Haha.
What phone are you using?

There are plenty of Chinese quality products… Many high end phones, including iPhones, are made in China. Ditto, some of the Li-Ion batteries from the top brands (Samsung, LG, Sony) are made in China — it depends where you buy them and realizing that if a price is too good to be true, it probably is. That goes doubly for buying off eBay from a seller who isn’t a well known retailer/wholesaler otherwise.

being made in china is NOT the issue. It is being made anywhere, but a company that cares enough to engineer it, and then spend the money on the manufacturing as well.
Chinese companies are well known for taking shortcuts. Western companies that sub out to Chinese companies are suspect at best, and generally have the same junk. Western companies that simply moved to china with manufacturing typically kept high quality going.

Whole story is interesting. BYD is one of the main suppliers for the huge, 16000 electric bus fleet in Shenzhen. I can’t believe they’re all trash there or there would have been stories about it.
However, quite oddly, I haven’t been able to find any report/story, at least in English, with any details about that fleet:
What are the bus specs, daily distances, how they recharge, operational reliability, when they expect it to pay for itself vs. conventional diesel, whether passengers and transport authorities are happy etc.

All I can find is mention that the huge fleet exists, and lamentations why developed-world fleets are lagging. Anyone know of more details, please post; it would seem like a pretty vital case study.

chinese busses have had multiple fires on them and that includes the BYDs with their Li-iron. Obviously, the battery did not catch fire, but other issues.

China quality™
Why so much upset? This was clearly expected.

One thing in the article stands out to me. It’s the part about the rear brakes not working but the fronts are. On air braked buses, coaches and HGV’s the rear brakes use a combined brake chamber for the primary and secondary brakes (secondary being a park or handbrake, but is considered an emergency brake on large vehicles). It works the opposite to what you would expect, so when you release the handbrake it actually applies air pressure against a spring to release the brakes. When you brake it allows air pressure onto the other side on the diaphragm and allows the spring to extend a little, applying the pads/shoes via a lever. If you remove the air pressure the spring locks the brakes back on. This is a critical safety feature for all large vehicles and has been an industry standard for 4 or 5 decades now. It’s a guaranteed fail safe against losing your brakes.

This leaves us with two alternatives to this story. Either what the city says is absolute BS, or BYD is incapable of making a safe vehicle.

Flyer makes electric buses

yes, but will they cut corners in the making and then charge dirt cheap?
That is how the chinese companies do it.

HFC is the way to go in large vehicles like buses and semis. Until the hydrogen infrastructure is in place, natural gas will do.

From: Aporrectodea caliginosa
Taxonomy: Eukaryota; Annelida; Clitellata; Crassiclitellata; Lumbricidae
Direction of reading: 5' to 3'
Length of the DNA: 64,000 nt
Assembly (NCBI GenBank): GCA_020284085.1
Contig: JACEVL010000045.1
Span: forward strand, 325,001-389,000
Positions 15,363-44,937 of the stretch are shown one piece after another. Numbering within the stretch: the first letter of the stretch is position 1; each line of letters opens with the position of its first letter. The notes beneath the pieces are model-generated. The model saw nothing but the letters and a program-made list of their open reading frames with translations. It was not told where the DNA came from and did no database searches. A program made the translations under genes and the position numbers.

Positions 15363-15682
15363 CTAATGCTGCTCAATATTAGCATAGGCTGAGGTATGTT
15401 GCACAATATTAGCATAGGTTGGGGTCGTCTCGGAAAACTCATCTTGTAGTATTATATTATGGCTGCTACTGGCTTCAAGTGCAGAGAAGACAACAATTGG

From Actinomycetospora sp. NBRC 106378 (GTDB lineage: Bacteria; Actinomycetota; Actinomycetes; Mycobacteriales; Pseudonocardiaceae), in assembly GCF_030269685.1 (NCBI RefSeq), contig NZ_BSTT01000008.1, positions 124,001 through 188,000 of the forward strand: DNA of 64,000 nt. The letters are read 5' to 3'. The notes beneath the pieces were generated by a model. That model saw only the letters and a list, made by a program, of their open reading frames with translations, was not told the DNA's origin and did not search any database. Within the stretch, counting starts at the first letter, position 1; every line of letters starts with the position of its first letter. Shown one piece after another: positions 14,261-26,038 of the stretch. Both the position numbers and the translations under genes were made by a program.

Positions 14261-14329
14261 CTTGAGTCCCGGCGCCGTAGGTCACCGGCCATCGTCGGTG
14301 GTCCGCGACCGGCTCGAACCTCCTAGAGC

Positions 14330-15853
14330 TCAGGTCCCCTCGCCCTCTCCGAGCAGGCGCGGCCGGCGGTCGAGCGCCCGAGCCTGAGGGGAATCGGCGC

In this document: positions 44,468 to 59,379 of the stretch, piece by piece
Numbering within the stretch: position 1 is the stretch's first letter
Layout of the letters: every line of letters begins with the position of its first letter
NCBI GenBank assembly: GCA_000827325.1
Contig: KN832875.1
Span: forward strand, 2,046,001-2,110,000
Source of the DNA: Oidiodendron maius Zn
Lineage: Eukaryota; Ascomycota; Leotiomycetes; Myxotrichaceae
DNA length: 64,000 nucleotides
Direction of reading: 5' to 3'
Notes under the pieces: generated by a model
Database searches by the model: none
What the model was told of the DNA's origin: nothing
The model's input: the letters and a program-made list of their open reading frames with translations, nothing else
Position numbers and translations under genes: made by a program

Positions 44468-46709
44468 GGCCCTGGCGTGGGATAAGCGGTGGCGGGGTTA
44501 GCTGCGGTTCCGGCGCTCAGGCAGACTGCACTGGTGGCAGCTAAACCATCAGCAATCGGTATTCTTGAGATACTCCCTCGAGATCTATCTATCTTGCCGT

This is stupidity on the City of Albuquerque’s part. They are wasting taxpayers money because they want a custom-made bus. The design they are coming up with is apparently not feasible since so many other manufacturers have told them so. The taxpayers should vote them all out and get the next government to do the right thing and buy a standard electric bus design for the best price/performance.

I don’t understand the “buses didn’t stop when emergency doors open.” Do diesel buses jam on the brakes when a passenger operates an emergency exit device? Also, the distance seems unusual. The CTA operates 1,781 buses (2011 statistics) and buses travel 145,832 miles in a day, or 81 miles per bus per day. 175 miles should be more than adequate for most metro bus systems. Maybe Albaquerque has unusual needs. I think it’s fair to say that E-buses could be used for many, maybe even most city bus routes, but certainly not all. Hint to cities: put your first e-buses on your shortest routes with the most stop-and-go or idling. You can use the freed-up diesel buses for longer suburban routes. Don’t make the learning curve harder than it needs to be.

It sounds like there are some “newby” EV manufacturer/customer mistakes: advertising the 100%-to-0% range instead of 80%-to-20% range; customers not understanding that A/C and/or heat can cut range by 50%. Give an EV to a driver who’s never heard of EVs, who has no interest in changing driving behavior, and you’re sure to have some problems.

Anyone who is thinking about buying a car (or Bus) from China, please watch this video.
https://www.youtube.com/watch?v=1At2H-lIJog

Cheap Chinese junk.
Should’ve went with Proterra’s 40ft long CaTtlyst E2 Series, range is what they wanted…only drawback is its 40ft and not 60ft.

Clean diesel. Biodiesel from French fry pits? Not enough to run a modern fleet on. EV’s are the future. Expect to have hiccups like this along the way. Used to live in Albq. sorry it didn’t work out. Albq. is in a Valley and captures all the pollution especially in the winter with all the wood being burned. Clean petro diesel is like clean coal largely a myth. For Albq. and much of the country EV’s powered by solar is the way to go.